The local spiral structure of the Milky Way
Ye Xu1,*, Mark Reid2, Thomas Dame2, Karl Menten3, Nobuyuki Sakai4, Jingjing Li1,3, Andreas Brunthaler3, Luca Moscadelli5, Bo Zhang6 and Xingwu Zheng7
- Author Affiliations
1Purple Mountain Observatory, Chinese Academy of Sciences, Nanjing 210008, China.
2Harvard-Smithsonian Center for Astrophysics, 60 Garden Street, Cambridge, MA 02138, USA.
3Max-Planck-Institut für Radioastronomie, Auf dem Hügel 69, 53121 Bonn, Germany.
4Mizusawa VLBI (Very Long Baseline Interferometry) Observatory, National Astronomical Observatory of Japan, Japan.
5INAF (Istituto Nazionale di Astrofisica)–Osservatorio Astrofisico di Arcetri, Largo E. Fermi 5, 50125 Firenze, Italy.
6Shanghai Astronomical Observatory, Chinese Academy of Sciences, Shanghai 200030, China.
7Nanjing University, Nanjing 210093, China.
↵*Corresponding author. Email: email@example.com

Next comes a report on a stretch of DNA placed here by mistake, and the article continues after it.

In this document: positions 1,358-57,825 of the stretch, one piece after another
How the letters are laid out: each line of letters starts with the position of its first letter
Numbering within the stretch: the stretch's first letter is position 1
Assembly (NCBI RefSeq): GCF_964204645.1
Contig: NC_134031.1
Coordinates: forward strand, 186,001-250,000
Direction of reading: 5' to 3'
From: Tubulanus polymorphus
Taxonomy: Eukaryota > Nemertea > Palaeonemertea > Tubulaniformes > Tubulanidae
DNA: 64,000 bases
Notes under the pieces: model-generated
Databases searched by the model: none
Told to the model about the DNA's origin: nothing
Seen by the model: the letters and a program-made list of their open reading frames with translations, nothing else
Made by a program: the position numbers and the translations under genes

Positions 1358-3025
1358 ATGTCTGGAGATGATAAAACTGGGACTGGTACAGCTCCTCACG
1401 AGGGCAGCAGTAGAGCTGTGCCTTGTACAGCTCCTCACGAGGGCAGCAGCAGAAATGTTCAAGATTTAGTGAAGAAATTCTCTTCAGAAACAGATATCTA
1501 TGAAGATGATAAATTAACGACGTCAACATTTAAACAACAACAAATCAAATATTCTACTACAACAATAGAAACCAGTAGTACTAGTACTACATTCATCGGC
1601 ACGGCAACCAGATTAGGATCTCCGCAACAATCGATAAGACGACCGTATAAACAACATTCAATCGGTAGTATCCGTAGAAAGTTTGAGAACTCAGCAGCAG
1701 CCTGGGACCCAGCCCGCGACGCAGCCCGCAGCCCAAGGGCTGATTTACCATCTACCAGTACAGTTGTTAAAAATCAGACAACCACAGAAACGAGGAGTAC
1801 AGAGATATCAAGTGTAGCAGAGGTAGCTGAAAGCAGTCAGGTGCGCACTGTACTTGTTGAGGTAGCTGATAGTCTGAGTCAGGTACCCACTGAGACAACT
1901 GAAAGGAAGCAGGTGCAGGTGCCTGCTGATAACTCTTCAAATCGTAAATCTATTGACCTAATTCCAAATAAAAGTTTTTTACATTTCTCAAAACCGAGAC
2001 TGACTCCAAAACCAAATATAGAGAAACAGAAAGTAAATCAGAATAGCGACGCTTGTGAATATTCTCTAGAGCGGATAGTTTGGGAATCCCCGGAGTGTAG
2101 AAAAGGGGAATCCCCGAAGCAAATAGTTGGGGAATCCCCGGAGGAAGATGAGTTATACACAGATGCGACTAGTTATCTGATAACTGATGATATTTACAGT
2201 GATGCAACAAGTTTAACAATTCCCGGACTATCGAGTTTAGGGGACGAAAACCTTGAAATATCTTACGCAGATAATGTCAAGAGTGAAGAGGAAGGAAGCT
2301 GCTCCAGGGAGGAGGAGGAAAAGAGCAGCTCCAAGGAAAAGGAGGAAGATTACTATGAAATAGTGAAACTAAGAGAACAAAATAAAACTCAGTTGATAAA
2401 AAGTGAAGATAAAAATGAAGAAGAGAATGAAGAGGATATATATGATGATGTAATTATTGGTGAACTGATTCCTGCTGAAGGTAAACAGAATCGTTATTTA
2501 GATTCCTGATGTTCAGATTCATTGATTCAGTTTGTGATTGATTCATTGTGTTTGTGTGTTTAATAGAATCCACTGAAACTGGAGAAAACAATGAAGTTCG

Science Advances 28 Sep 2016:
Vol. 2, no. 9, e1600878
The nature of the spiral structure of the Milky Way has long been debated. Only in the last decade have astronomers been able to accurately measure distances to a substantial number of high-mass star-forming regions, the classic tracers of spiral structure in galaxies. We report distance measurements at radio wavelengths using the Very Long Baseline Array for eight regions of massive star formation near the Local spiral arm of the Milky Way. Combined with previous measurements, these observations reveal that the Local Arm is larger than previously thought, and both its pitch angle and star formation rate are comparable to those of the Galaxy’s major spiral arms, such as Sagittarius and Perseus. Toward the constellation Cygnus, sources in the Local Arm extend for a great distance along our line of sight and roughly along the solar orbit. Because of this orientation, these sources cluster both on the sky and in velocity to form the complex and long enigmatic Cygnus X region. We also identify a spur that branches between the Local and Sagittarius spiral arms.
Key words Masers high angular resolution astrometry star formation galaxy spiral arm
Copyright © 2016, The Authors
This is an open-access article distributed under the terms of the Creative Commons Attribution-NonCommercial license, which permits use, distribution, and reproduction in any medium, so long as the resultant use is not for commercial advantage and provided the original work is properly cited.
FREE PDF GRATIS: Science Advances